- You should not leave visitors unaccompanied or allow them access to hazardous areas un-necessarily.
- You should ensure that appropriate directions, instructions and safety notices are displayed
- You must ensure that areas such as changing rooms, toilets, showers and offices that may be used by visitors are kept as clean and tidy as practicable.
- You must ensure that visitors are provided with sufficient safety information, for example, regarding dust, noise, fumes, electrical safety and fire precautions.
- You must ensure that sufficient protective clothing is available for use by visitors and that it is kept clean and in good order.
- You should have a plan of the premises available for the emergency services (in the event of fire) which shows the positions of hazards such as high voltages, gas cylinders, dangerous chemicals, slurry tank covers and dangerous animals (e.g. boars). How many farms have this available?
- You must consider your impact on the general public with regard to environmental hazards such as dust, noise and fumes and also physical hazards such as concealed farm exits, heavy works traffic at certain times and mud on the road.
Although to some extent you share health and safety responsibility with contractors it will remain primarily with you as the pig farmer.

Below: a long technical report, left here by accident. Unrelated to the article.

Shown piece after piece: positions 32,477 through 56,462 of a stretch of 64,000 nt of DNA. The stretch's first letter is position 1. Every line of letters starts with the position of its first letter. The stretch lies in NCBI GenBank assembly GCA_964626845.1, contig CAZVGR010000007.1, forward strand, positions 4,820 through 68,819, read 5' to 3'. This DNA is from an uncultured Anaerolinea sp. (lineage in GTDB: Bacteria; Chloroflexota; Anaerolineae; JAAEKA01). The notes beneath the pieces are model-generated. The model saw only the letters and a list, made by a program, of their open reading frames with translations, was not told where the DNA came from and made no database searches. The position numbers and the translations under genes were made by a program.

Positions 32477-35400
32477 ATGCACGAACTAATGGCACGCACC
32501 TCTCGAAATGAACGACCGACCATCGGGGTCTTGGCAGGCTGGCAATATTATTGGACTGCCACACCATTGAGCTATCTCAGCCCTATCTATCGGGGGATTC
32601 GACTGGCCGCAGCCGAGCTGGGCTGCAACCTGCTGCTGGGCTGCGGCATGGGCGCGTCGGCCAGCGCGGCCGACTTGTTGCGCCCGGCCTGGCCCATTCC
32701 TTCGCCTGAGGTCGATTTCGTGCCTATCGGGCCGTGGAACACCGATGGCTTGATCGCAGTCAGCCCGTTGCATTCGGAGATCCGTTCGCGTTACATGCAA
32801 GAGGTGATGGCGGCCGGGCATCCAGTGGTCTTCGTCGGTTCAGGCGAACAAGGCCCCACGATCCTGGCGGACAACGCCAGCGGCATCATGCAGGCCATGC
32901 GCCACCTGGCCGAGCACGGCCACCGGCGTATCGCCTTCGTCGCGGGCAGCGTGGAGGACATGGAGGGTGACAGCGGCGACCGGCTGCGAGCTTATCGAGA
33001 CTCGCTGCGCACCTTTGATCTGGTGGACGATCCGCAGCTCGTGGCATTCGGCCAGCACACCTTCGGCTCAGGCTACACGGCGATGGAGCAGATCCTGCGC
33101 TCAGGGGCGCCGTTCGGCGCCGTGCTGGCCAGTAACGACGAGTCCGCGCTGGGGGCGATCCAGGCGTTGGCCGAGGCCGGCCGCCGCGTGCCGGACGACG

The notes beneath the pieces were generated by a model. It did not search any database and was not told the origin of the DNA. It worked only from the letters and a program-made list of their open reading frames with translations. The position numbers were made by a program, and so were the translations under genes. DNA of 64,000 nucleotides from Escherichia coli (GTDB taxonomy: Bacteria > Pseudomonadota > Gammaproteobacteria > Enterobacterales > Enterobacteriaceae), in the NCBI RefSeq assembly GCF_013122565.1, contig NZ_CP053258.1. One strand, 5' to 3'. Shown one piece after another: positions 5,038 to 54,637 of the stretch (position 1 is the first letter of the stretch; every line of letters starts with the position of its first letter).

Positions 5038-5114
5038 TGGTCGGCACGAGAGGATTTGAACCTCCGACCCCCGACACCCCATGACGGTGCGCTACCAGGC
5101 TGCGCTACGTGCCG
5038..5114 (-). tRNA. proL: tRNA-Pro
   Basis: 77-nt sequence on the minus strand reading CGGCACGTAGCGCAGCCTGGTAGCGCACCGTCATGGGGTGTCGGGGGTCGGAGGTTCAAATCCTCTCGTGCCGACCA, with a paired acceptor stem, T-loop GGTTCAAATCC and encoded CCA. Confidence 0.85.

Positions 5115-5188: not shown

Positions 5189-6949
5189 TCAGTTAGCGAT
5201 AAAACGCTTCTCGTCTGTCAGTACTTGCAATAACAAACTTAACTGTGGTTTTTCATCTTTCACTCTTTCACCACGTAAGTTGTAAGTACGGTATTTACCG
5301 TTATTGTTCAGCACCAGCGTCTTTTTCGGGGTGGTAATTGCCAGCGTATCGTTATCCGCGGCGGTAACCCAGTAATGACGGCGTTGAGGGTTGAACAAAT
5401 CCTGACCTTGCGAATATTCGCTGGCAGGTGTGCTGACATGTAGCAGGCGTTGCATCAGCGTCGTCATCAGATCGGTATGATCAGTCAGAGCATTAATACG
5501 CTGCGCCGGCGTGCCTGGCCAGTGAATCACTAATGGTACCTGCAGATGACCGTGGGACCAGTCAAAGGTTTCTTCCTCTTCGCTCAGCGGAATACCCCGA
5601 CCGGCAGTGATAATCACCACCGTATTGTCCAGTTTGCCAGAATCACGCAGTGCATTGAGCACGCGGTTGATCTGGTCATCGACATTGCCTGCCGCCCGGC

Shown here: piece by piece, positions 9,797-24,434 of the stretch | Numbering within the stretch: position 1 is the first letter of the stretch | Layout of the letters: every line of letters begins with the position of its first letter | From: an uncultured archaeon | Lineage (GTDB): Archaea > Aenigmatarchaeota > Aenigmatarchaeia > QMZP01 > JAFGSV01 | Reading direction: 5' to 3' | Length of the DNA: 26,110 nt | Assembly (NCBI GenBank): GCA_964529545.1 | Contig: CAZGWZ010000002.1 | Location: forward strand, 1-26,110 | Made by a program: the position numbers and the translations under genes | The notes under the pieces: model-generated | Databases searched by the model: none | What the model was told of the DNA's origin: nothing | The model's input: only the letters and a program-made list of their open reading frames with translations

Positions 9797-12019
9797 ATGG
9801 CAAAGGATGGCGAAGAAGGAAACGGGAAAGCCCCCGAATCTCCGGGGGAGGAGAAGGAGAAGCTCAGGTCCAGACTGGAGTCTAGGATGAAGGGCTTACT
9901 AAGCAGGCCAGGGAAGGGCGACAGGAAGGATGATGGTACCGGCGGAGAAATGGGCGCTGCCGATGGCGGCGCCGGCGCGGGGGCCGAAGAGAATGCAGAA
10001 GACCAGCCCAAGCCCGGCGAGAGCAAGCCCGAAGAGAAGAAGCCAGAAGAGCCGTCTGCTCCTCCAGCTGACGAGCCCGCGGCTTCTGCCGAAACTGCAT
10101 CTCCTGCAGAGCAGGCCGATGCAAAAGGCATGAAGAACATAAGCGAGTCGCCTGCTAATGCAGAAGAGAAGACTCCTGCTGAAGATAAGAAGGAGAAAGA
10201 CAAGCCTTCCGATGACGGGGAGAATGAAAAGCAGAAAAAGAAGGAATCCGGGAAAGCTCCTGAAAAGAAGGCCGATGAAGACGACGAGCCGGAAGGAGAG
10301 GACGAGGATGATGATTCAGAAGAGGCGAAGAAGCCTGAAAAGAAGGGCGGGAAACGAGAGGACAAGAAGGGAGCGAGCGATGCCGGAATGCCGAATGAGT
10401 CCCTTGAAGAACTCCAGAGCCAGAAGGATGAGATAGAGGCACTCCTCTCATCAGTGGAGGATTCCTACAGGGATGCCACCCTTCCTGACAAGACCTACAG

You have a duty to ensure that the contractor is not exposed to hazards as a result of your acts or omissions and that your employees are not exposed to hazards as a result of the acts or omissions of the contractor.
The points regarding visitors will also apply to contractors. In addition
- You must ensure that all contractors are competent and that they and their equipment comply with statutory provisions.
- You must ensure that contractors are fully informed of the hazards and risks to health and safety which they may be exposed to on your farm.
- You must inform contractors of the measures that you have taken and of those that they must take, in order to ensure compliance with legislative requirements and your systems of work.
A practical way to ensure that the above points are covered is to use a "contractors declaration" record form. This can be a standard form that specifies what you require of contractors (i.e. that they comply with the appropriate statutory provisions and levels of competence) and has a section for you to give details of the hazards present at the work site, the accident fire and emergency procedures, location of the nearest first aid box, the name of their contact on the farm, etc.. The contractor and the farm safety manager should both sign the form and each retain a copy. The record can then be kept as proof that you complied with your obligations - should such proof be needed at any time.
The law regarding pig farmers duties towards trespassers is different in each country but it is generally the case that unless you are certain that trespassing will never occur. You must take steps to offer some protection against risks which you know to be present. In most cases the repair of any unsafe or damaged items such as loose hand rails and missing slurry tank covers or the provision of warning signs and measures to deter entry may suffice.